Purple Rain – Prince & the Revolution
Who is the greatest living artist in pop music history from the 1980’s on through today? It wouldn’t be too hard to make a case for this guy, Prince.
Maybe because he’s so strange (the whole Symbol-as-a-name era still rankles), so diminutive (Dan has seen him and won’t even give him 5’3), or maybe it’s because he hasn’t made a truly great album since the 80’s (arguable, but yeah I get it) many people shrug off Prince as such.
But throw on this record and it’s tough not to at least hear the argument that the Purple One is perhaps the #1 person in terms of creative brilliance in the last thirty-or-so years.
The Man, The Myth, The Legend
The year was 1984. Pop culture was humming. Great movies, great music, great sports teams (my favorite baseball team the Detroit Tigers won the World Series). When I look back on childhood the year 1984 has a special place in my heart. And 1984, for all intents and purposes, was the year of Prince (and the Revolution).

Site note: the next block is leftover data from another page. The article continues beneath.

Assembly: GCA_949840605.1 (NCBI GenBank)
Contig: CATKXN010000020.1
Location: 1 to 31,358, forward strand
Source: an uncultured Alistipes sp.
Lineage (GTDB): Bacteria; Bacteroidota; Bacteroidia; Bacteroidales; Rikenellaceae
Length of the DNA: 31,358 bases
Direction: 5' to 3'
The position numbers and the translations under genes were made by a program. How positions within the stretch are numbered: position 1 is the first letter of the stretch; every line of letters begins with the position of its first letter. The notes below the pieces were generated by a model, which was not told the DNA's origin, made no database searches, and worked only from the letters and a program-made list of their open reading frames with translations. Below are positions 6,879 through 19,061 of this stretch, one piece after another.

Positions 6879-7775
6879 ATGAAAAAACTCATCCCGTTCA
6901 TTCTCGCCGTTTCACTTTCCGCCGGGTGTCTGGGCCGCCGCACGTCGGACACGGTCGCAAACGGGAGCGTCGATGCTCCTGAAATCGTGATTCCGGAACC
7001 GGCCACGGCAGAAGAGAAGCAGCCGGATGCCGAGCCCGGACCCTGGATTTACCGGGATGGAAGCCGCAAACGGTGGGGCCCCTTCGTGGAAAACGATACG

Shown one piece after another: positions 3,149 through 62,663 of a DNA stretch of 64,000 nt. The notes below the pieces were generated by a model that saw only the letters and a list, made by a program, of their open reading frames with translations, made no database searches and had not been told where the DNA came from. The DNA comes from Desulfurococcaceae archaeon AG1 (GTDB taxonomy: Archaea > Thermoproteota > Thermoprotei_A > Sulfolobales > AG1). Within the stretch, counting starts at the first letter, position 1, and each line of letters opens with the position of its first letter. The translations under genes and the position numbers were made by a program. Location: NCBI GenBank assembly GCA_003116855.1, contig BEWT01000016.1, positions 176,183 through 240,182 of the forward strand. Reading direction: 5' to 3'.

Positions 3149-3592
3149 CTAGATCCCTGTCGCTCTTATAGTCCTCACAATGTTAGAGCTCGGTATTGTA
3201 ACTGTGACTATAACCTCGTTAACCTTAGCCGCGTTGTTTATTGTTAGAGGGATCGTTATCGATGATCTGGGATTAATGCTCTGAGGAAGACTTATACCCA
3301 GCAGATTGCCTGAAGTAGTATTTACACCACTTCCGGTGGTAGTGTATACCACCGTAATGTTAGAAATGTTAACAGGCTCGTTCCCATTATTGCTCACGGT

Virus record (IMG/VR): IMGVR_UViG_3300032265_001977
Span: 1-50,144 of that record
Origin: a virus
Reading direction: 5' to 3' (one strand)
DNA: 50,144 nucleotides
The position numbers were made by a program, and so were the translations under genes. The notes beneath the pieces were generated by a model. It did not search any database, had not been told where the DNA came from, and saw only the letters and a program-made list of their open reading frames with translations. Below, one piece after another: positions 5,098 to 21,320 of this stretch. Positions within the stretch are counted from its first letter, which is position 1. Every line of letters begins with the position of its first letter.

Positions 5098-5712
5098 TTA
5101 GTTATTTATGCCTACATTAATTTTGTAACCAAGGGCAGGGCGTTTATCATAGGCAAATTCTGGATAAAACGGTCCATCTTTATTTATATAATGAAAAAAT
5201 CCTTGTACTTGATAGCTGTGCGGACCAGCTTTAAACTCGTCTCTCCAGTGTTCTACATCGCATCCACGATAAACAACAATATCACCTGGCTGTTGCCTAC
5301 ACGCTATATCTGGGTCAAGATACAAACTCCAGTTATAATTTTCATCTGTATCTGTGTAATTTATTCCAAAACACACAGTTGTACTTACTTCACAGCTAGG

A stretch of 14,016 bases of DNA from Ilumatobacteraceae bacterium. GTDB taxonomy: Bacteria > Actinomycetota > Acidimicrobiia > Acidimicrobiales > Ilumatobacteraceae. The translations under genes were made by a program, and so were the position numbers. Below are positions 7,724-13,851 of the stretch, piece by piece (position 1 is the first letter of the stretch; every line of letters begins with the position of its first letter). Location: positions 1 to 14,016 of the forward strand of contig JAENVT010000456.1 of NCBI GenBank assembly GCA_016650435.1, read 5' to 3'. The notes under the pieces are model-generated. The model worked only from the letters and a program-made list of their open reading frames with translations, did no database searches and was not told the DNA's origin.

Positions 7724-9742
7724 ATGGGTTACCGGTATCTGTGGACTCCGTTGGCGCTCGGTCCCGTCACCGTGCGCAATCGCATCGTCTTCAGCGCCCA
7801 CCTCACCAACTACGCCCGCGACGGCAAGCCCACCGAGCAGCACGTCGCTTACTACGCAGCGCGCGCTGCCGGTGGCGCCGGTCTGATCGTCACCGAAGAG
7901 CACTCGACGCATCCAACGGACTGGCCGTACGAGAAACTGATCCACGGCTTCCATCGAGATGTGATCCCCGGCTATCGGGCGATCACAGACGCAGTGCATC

“When Doves Cry” was the top song of the year. “Purple Rain” was a hit song and a top box office drawing movie. Prince was at his creative peak. Coming off the brilliance of 1982’s “1999” the music world was ready to embrace the Minnesota native and his brand of electro-funk-rock. And man did they ever! Prince had songs good enough to be singles in their own right relegated to B-Sides and the world was treated to a man so in tune with his musical gift it seemed unfair.
The Dandy Experience
Meanwhile in Detroit, Dan and Randy were both exposed to Prince to varying degrees. Dan would get into Prince via his sister’s record collection while Randy listened to the radio hits from afar. Still, when he did discover it full-on in 1992 it hit him hard.
Listen as we explore the commercial peak of maybe, just maybe, the greatest living artist of our times (post 1980). And Dan find’s his sing-screaming range.